Funny story, they started being so comfortable that Adrian raised his hand and told me that he was really happy because January is the birth month of his baby and he wanted to be really good to her. I was like, “Adrian, you’re too young to have a girlfriend.” He went all confused and said, “Girlfriend? Ma’am, I meant my kid.” I gave him a blank stare, waiting for the punchline until the actuality of it being a fact punched me instead. WHAT THE HELL. He’s freaking 14. He gave me a cheesy grin and went back to his work. That was a wut moment.

Anyways, I kinda lost it again before I dismissed them but that one student I kinda called on apologized. All is well.

I’m currently researching (plagiarizing) on Climate Change. It’s making my eyes drop.

See you.

A Eucharistic Sunday in the Life of a Non-Believer


The sun blazed into my skin, leaving trails of burnt marks of reddening glow. I inched myself closer to the shade, only to be pushed forward again with the annoyance of how much time I was wasting. I should be at home instead; binge-watching shows yet this pathetic excuse of a morning plan that also goes in the name of waiting on my mom to finish with her Christian duties of going to the mass that made me yielded into staying outside. In my defense, I figured if I were to come inside the threshold of the God I long ago rejected, my skin would not only burn, it would also burst into a mountain of granite dust. We don’t want that in the middle of the opening of the church, especially with how much people were rushing inside to receive the blessings of their aforementioned God. What a perfect way to spend a Sunday.

I checked my watch, the small hand urgently pointed to the dot before 9, the bigger hand mockingly shaking towards 3. 9 freaking 15 in the morning and it felt like I was inside a sauna and a tanning cubicle combined. Hell in front of a holy place, unbelievable. What I did believe in was that I had forty-five minutes before I combust into rage so I was in a desperate need of a change of scenery. Abandoning my spot, I made steady yet slow strides out of the gates, directly meeting with a trail of vendors.

Ate, sampaguita?,” a child of around ten years urged a bundle of flowers into my face. I cringed at the smell of strong fragrance. It smelled like the flowers you offer to the dead.

I shook my head, turning left. To my surprise, I was face to face to a lady wearing black.

“Come, come. My cards will tell you what lies ahead,” she called to me, pushing the seat in front of her desk filled with taro cards.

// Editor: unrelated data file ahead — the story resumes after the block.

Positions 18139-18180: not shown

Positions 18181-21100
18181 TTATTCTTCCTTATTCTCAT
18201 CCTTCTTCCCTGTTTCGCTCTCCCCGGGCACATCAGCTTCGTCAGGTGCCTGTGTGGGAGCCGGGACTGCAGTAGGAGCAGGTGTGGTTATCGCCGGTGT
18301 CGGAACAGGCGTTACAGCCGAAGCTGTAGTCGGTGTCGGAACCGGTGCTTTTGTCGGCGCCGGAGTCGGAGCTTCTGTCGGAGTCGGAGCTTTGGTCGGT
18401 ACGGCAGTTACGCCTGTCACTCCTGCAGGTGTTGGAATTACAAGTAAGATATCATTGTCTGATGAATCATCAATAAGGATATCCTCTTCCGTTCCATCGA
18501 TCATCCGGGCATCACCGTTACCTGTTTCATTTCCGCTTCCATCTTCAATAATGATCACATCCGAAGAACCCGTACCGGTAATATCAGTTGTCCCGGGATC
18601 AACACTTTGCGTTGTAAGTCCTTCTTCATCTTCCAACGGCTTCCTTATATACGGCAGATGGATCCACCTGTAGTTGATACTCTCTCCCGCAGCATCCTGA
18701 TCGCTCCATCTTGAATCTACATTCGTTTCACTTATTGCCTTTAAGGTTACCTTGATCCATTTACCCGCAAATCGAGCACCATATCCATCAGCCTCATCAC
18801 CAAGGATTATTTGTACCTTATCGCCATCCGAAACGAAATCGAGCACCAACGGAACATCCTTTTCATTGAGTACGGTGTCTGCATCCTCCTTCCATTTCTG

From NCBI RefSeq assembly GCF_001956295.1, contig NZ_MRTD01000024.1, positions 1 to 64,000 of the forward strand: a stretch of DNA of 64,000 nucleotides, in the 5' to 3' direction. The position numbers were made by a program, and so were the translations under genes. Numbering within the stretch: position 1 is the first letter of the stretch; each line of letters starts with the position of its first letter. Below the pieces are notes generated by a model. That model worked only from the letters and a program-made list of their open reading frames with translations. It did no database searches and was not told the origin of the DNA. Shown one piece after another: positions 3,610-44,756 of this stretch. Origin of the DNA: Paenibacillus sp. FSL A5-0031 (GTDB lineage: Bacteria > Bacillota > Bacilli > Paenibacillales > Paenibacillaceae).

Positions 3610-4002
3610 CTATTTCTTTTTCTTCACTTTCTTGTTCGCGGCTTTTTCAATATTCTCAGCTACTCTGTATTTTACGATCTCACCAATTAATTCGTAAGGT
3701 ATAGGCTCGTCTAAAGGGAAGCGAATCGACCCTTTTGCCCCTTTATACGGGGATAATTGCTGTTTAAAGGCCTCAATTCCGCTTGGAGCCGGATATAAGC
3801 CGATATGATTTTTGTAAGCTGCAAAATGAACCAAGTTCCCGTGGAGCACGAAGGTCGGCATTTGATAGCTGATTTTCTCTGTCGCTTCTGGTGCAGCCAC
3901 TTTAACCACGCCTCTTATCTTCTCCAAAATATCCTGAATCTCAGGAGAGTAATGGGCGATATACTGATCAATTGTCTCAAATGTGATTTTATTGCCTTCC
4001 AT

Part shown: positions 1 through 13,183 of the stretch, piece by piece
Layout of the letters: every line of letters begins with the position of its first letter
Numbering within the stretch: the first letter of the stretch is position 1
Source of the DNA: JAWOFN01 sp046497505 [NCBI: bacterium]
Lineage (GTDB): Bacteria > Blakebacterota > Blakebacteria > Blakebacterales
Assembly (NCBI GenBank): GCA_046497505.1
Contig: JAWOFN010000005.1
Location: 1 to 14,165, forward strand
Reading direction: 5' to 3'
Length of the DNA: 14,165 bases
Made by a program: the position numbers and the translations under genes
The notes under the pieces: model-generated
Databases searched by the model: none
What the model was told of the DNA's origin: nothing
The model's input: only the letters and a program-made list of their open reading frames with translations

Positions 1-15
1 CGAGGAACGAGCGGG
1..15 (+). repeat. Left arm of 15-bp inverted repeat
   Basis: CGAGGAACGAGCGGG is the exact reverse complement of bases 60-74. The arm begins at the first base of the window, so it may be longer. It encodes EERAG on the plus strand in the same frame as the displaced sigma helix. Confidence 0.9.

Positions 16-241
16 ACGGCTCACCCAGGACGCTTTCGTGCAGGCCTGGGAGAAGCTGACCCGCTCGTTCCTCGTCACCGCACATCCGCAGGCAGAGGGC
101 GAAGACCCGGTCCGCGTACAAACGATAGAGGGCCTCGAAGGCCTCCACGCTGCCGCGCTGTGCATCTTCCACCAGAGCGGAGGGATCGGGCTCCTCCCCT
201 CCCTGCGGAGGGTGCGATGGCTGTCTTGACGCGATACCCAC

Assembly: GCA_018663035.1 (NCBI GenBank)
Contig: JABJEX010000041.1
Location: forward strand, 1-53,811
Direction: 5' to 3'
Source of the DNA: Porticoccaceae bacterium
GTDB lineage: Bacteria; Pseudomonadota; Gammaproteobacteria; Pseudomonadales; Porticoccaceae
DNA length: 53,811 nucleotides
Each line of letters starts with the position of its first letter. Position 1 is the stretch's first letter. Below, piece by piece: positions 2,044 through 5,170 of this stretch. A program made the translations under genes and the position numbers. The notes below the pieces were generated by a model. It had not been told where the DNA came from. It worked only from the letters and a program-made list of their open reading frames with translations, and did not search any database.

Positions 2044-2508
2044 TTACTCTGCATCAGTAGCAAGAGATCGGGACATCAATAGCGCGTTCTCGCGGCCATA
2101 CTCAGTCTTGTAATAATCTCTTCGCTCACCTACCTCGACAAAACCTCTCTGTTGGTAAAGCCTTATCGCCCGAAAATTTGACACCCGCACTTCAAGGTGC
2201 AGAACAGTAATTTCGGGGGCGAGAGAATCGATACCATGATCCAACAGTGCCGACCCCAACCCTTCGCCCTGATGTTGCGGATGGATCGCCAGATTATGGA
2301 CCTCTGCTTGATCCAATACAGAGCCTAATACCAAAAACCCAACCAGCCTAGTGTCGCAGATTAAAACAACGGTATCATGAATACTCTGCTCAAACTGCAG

I felt a shiver ran down my spine, remembering a horror movie with how those cards played a significant role on the characters’ deaths. I took a sharp turn, walking forward until I saw a cart filled with weird materials and apparatuses that I did not know existed here in the city.

“Have you got any enemies,” a voice cracked at me, the owner turning his accusing gaze into my eyes. “One whiff of these leaves and you’d rid of her forever.”  His eyebrows did a little dance.

Shuddering, I walked away.

The sweat on my forehead reached my eyes, stinging them and making my visions blurry. I walked aimlessly everywhere, seeing people go on with their business. Family walking to places in even movements, a complete phalanx formation. Storeowners not even popping their heads out to urge customers in. The streets silent with minimal screeches of wheels on roads.

I kept dragging my feet until I saw another shed. With my feet aching, I rested under the shade. Leaning back, I fanned myself, trying to breathe. The humidity and the heat almost filled my brain with suffocation that I was having a hard time inhaling.

“Is this seat taken,” a broken voice lifted me back to reality. A figure towered over me, showering me with a shadow. He took my silence as permission to sit next to me.

With the available light from the sun, I studied his face cautiously. His hair was damp, clinging close to his scalp that he ran a hand over, the sweat collecting on his palm. Eyebrows mashed together, heavy breathing from his nose and mouth in synch. I couldn’t get a whole view of his eyes for he was squinting as if flinching in pain.